Every day, I wonder how long my luck is going to hold out. When is that pole going to slide under my car, flipping it over while spewing live electrical wires all over the street?
It´s been a month now. So far, so good.
It´s March, which brings to mind St. Patrick´s Day and, consequently the luck of the Irish. Now, to the best of my knowledge, none of my ancestors were Irish, but today I´m sure looking like I´m pretending I were.
|Despite the red hair and ND outfit,|
I´ve got NO Irish genes.
Very similarly, Cinco de Mayo has turned into a popular celebration in the US. In the US, people use the 5th of May to celebrate Mexican heritage--and that´s great. Or, it´s just a good excuse to have some Coronas or a margarita. But, like St. Patrick´s Day, it appears to be a day that we can all just pretend to be "Mexican" for a day. Whatever that means.
I do get on my yearly soapbox, explaining that Cinco de Mayo isn´t widely celebrated in Mexico. However the events of Cinco de Mayo had longer-lasting consequences for the US and, if we knew about them, it would then make perfect sense that we celebrate Cinco de Mayo more in the US than Mexico. I´ve got more information on that topic here.
But I´m not exactly pushing that soapbox today. This comparison between how St. Patrick´s Day and Cinco de Mayo are celebrated in the US is striking me pretty hard, particularly this year. Around 150 years ago, when Irish people were immigrating to the US by the boatload, they were often discriminated against. They had doors closed in their faces and were openly excluded from jobs, places to live, etc.
While anti-Mexican sentiment has been simmering under the surface of US culture for awhile now, it appears to be coming to a head with the current administration. What am I proposing here? I´m suggesting that yes, let´s celebrate Cinco de Mayo this year. Let´s do it the same way we do St. Patrick´s Day, where everyone pretends to be Irish for a day. This Cinco de Mayo, let´s all be Mexican for a day.
That doesn´t mean that we all go around wearing sombreros and drinking tequila. What I´m proposing is that we stand in solidarity with those Mexicans (and other latinos) who live in the US. We appreciate them for their contributions to our country. (If you´re not sure what that would be, I´ve got a glaring example here, for those readers who skipped over that link earlier.)
Why do I claim that Mexicans (and other latinos) are being discriminated against?
Trump´s presidential campaign sounded pretty clear to me. His remarks about Mexico have angered an entire nation. It´s becoming routine, upon meeting new people here, one of the first questions we´re asked is, "do you like Trump?" I shudder to think how they´d respond to someone who says they do. And this new Victims of Immigration Crime Engagement office that trump wants to start sounds benign on the surface. However, it hints at something larger. My fear is that it will legitimize discrimination against latinos in the US.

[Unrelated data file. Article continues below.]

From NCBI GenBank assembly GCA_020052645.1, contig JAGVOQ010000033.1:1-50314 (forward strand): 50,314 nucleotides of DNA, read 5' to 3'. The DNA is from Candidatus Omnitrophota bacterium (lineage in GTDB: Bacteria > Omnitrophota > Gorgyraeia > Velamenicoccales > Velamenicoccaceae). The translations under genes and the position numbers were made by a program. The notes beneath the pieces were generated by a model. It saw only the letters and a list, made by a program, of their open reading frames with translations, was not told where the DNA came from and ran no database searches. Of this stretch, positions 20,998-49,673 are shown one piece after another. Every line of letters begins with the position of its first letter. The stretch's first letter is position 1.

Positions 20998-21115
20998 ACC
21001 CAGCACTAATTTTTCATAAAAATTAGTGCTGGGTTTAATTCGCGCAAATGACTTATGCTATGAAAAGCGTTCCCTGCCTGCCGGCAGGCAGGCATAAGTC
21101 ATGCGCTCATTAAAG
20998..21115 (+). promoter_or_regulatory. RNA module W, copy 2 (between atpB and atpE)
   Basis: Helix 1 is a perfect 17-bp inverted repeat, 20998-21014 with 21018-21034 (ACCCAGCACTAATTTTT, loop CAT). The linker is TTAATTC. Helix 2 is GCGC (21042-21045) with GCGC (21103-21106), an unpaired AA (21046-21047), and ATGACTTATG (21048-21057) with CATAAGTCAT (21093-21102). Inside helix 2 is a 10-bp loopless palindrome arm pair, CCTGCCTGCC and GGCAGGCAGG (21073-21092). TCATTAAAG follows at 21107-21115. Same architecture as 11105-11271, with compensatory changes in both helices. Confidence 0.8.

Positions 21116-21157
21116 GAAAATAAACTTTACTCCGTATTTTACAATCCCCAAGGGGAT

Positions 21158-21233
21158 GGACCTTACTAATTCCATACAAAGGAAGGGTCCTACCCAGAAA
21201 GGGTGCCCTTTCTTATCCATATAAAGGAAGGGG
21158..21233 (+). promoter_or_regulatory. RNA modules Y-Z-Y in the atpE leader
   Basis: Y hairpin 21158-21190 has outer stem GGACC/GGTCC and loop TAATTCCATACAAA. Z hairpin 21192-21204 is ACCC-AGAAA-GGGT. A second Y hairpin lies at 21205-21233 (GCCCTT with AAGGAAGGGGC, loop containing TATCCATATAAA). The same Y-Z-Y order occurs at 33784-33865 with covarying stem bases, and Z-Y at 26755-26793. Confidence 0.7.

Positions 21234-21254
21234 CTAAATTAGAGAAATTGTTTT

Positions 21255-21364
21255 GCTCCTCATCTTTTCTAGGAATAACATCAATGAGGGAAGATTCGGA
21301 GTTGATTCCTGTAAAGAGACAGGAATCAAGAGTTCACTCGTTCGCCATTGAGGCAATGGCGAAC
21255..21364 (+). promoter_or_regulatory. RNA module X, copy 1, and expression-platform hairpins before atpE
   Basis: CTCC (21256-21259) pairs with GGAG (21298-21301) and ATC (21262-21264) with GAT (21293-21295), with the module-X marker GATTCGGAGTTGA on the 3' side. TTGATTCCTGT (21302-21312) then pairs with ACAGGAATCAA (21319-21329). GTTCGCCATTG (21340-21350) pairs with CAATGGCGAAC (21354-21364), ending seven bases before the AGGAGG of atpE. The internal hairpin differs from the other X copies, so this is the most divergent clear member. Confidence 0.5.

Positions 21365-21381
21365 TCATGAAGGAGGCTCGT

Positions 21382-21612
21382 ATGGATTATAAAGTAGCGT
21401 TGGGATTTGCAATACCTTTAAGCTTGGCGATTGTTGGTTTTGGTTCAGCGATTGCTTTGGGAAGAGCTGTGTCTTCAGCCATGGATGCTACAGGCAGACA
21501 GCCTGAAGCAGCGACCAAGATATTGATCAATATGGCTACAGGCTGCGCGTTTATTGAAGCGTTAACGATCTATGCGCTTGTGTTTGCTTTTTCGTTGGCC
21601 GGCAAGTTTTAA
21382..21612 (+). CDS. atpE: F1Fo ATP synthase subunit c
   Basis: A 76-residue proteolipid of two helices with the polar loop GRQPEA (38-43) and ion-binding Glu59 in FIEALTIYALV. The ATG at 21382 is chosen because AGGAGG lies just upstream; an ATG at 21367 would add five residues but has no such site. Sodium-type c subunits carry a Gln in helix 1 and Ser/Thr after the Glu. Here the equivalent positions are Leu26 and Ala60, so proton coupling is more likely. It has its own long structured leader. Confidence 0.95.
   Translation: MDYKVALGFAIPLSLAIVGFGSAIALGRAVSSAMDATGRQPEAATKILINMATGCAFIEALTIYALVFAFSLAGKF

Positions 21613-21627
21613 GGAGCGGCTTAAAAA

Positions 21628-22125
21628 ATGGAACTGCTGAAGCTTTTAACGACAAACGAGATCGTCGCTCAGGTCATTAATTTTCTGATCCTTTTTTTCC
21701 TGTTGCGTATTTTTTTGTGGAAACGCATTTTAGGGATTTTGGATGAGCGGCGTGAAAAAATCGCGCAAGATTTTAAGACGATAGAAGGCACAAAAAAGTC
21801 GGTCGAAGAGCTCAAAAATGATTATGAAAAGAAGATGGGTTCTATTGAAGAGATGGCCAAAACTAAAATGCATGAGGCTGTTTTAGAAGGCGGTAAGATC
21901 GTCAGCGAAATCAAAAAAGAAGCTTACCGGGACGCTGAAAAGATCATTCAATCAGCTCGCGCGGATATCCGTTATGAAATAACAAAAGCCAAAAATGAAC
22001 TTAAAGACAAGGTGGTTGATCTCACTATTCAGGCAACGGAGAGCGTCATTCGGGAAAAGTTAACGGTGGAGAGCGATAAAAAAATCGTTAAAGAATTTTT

But if that´s not evidence enough, consider:
- We have a system of for-profit detention centers where people are held for months, sometimes years, waiting for their immigration case to be process, often to ultimately be deported.
- These for-profit detention centers require a MINIMUM number of people to be incarcerated in these centers. Am I crazy, or should detention centers be run by the government (or at the very least, be non-profit). Because who is making profits for these detention centers? Right, the taxpayers. And probably the people held in these detention centers.
- Those held in these detention centers, not being US citizens, have no legal rights. They have no right to representation like citizens or legal residents do. This in another reason why they can be held for years, because in many cases no one is pushing to get cases heard, and the government has no plans to give these people due process--they just plan on deportation. After they´ve met the detention centers´ minimum quotas, of course.
- Entire families are locked up in these detention centers. We´re incarcerating children. This is not the kind of thing that makes me proud to be an American. (Precisely the opposite.)
This Cinco de Mayo, let´s stand in solidarity with the Mexican and latino families down the street.
That doesn´t mean eating a taco bowl. Mexicans don´t actually eat those.
That means contacting your representatives and senators, and speaking up for those neighbors who legally don´t have a voice in this country. Whatever our stance on immigration, I think we can all agree that people should be treated humanely.
Locking up non-violent offenders indefinitely is not humane. Our country can do better.
This Cinco de Mayo, let´s all be Mexican for a Day.
Need more reading about Detention Centers?
Need more reading about Detention Centers?
- the ACLU
- Bring Pedro Home (through a facebook group, I became aware of this family. At the time, the husband was detained (indefinitely, of course). In the end, he was held for 19 months. When his case finally went to trial, his US citizen wife was preparing to move to Guatemala, because it was very likely he was going to be deported anyway. Fortunately, he was ultimately granted permanent residency, and (as he was before his detention) he has been contributing positively to his community ever since.